Thursday, December 14, 2006

Monokroussos on Lewis and the occult

Finally, a thought about your posted link on CSL as the gateway to witchcraft. There’s plenty that’s ridiculous and objectionable about that particular page, but I’m not convinced the general concern is unconditionally crazy. I’ve read that interest in the occult and Wicca spiked when “Bewitched” was on TV (yes, correlation doesn’t prove causality, I know), and I think the same has occurred in the Harry Potter era. To the extent that CSL’s work is seen as an instance of that genre, it might help funnel some who wouldn’t otherwise go that route into an interest in the occult.

Must it? Obviously not, and I suspect that it happens pretty rarely. But I suspect it’s like drinking alcohol, trying cigarettes when young and smoking pot. Sometimes those activities lead to horrible outcomes – becoming an alcoholic, a smoker and a user of more serious drugs – but usually not. In those cases, the worry is serious enough that we try to steer kids clear of those dangers in various ways. Is there a difference that makes the website’s concern ludicrous? Is it that the link is more tenuous? That the Christian-ish aspects of the Narnia works are more likely to predominate?

I’m not really trying to defend that site, I don’t think there’s any causal link between CSL’s and JRRT’s work and the occult, and I think that on balance their works are far more likely to lead to positive effects than negatives ones. It’s also a mistake to proscribe good things because they could lead to bad results. I’m just suggesting that their concern isn’t either goofy or necessarily even trivial.



Blue Devil Knight said...

Who cares if it does? Most Wiccans I know are very gentle kind people. I don't think kids getting into the occult or witchcraft is comparable to using drugs.

Jason Pratt said...

Well, among other people, Richard Dawkins and his various allies would seem to care pretty strenuously about kids getting into the occult or witchcraft (Wiccan varieties or otherwise), in principle. {g} Wasn't there someone here on the boards just a day or two ago who fulminated about how we need to recognize that 'religion' is the only great evil?

(Besides which, even the Wiccans recognize there are variations of this sort of thing that they themselves strongly disapprove of.)

Bilbo Bloggins said...

I'm not sure what "gentle and kind" has to do with anything. I doubt that those people concerned with others joining occult groups are particularly worried that they will be come rough and unkind. Its pretty obvious who cares. If certain Christians think Wicca is a false spiritual belief system, and thus, as ultimately dangerous as anything can be, it is expected that they'll, at the very least, not be predisposed towards giving a lot of exposure to the work of another Christian author they see as acting as a gateway (not to say that CSL's writings do this in any way of course).


The Uncredible Hallq said...

Maybe I over-estimate the rationality of how people come by various beliefs, but I have a hard time seeing Lewis, Tolkein, Harry Potter, or Bewitched causing anyone to embrace a belief in the occult. They're obvious fantasy. More worrisome are shows that play with things people really believe--like the show "Medium," to take a recent example. (Skeptico recently did a nice TV vs. reality comparison.)

But no matter what exactly we're dealing with, I cannot find much sympathy for Christians who flip out because they see all positions other than their own as "as ultimately dangerous as anything can be." My attitude towards the occult is we should offer up education for those who'll take it. For those who won't listen to reason, I'm perfectly happy to leave thtem alone in many cases, though when it comes to defrauding the sick and preying on grieving families we ought to raise hell.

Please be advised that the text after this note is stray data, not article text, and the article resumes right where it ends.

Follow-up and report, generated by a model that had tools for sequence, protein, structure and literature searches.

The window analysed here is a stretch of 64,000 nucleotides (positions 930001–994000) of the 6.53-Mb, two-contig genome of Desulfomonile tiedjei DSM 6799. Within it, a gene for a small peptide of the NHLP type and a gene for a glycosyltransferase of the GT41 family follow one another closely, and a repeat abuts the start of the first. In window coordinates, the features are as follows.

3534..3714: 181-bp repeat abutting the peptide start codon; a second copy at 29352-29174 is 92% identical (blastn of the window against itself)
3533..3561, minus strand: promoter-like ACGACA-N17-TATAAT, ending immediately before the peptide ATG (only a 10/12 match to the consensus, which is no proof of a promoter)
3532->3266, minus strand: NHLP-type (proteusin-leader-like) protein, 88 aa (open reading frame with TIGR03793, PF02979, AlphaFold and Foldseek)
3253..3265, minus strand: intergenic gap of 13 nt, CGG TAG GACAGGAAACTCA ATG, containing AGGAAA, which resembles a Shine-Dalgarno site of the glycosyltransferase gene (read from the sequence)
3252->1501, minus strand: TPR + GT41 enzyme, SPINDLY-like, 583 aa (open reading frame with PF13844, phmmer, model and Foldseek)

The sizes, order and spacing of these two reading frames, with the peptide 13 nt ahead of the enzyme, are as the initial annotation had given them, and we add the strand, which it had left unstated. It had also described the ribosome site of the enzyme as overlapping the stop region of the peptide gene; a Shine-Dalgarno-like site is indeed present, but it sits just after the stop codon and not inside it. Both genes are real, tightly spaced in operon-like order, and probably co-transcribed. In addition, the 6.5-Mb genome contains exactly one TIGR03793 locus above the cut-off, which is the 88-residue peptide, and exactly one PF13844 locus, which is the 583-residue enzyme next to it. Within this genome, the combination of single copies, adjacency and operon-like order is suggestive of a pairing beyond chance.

Blue Devil Knight said...

Bilbo: it was a rhetorical question, which in retrospect is a literary device mooted in the blogosphere.

Bilbo Bloggins said...

hallq: Maybe I over-estimate the rationality of how people come by various beliefs, but I have a hard time seeing Lewis, Tolkein, Harry Potter, or Bewitched causing anyone to embrace a belief in the occult.

Bilbo: I agree. Initially, I am strongly inclined to say this is nonsense. I can't fathom even the most imaginitive children watching this stuff and coming to believe that "wizard" is a career option for later life. Who knows, though? I guess I'd have to see some studies.

Its an interesting question, in general, to what degree our lifestyle choices are affected by ways in which we exercise our imagination in forms of escapism. If you'll forgive me a bit of "grassy knoll"-type speculation here, I've often wondered specifically about video games. I haven't played them much since I was a kid, but I do have alot of middle-aged friends who do. I'm always surprised at the level of life-like detail the war games in particular are incorporating. I was walking through an electronics store the other day, and I saw this 5-7 yr. old child sitting in front of a 50 in. TV, with a playstation controller in his hand. On the screen there was a first-person perspective of his own virtual hands holding an extremely lifelike military rifle, and the manner in which he would aim, shoot his enemies, and reload shocked me for its accuracy.

I thought back to the simplicity of the Atari games I had played at his age. It also brought to mind the excessive *amount* of these types of games on the market and the fact that they are usually the preferred games of even my middle-aged friends, who get on their PC, put on their headsets, and link up with all of their online friends/fellow troops in their virtual batallion, proceeding to coordinate and execute a multitude of simulated military operations encompassing everything from hand-to-hand combat to flying helicopters. Many of these friends seem to be just *into* war in general - fascinated with and knowledgeable of all things WWI and II, and tend to be a bit unreflective and dismissive when it comes to the horrors of war, particularly our current involvement in Iraq.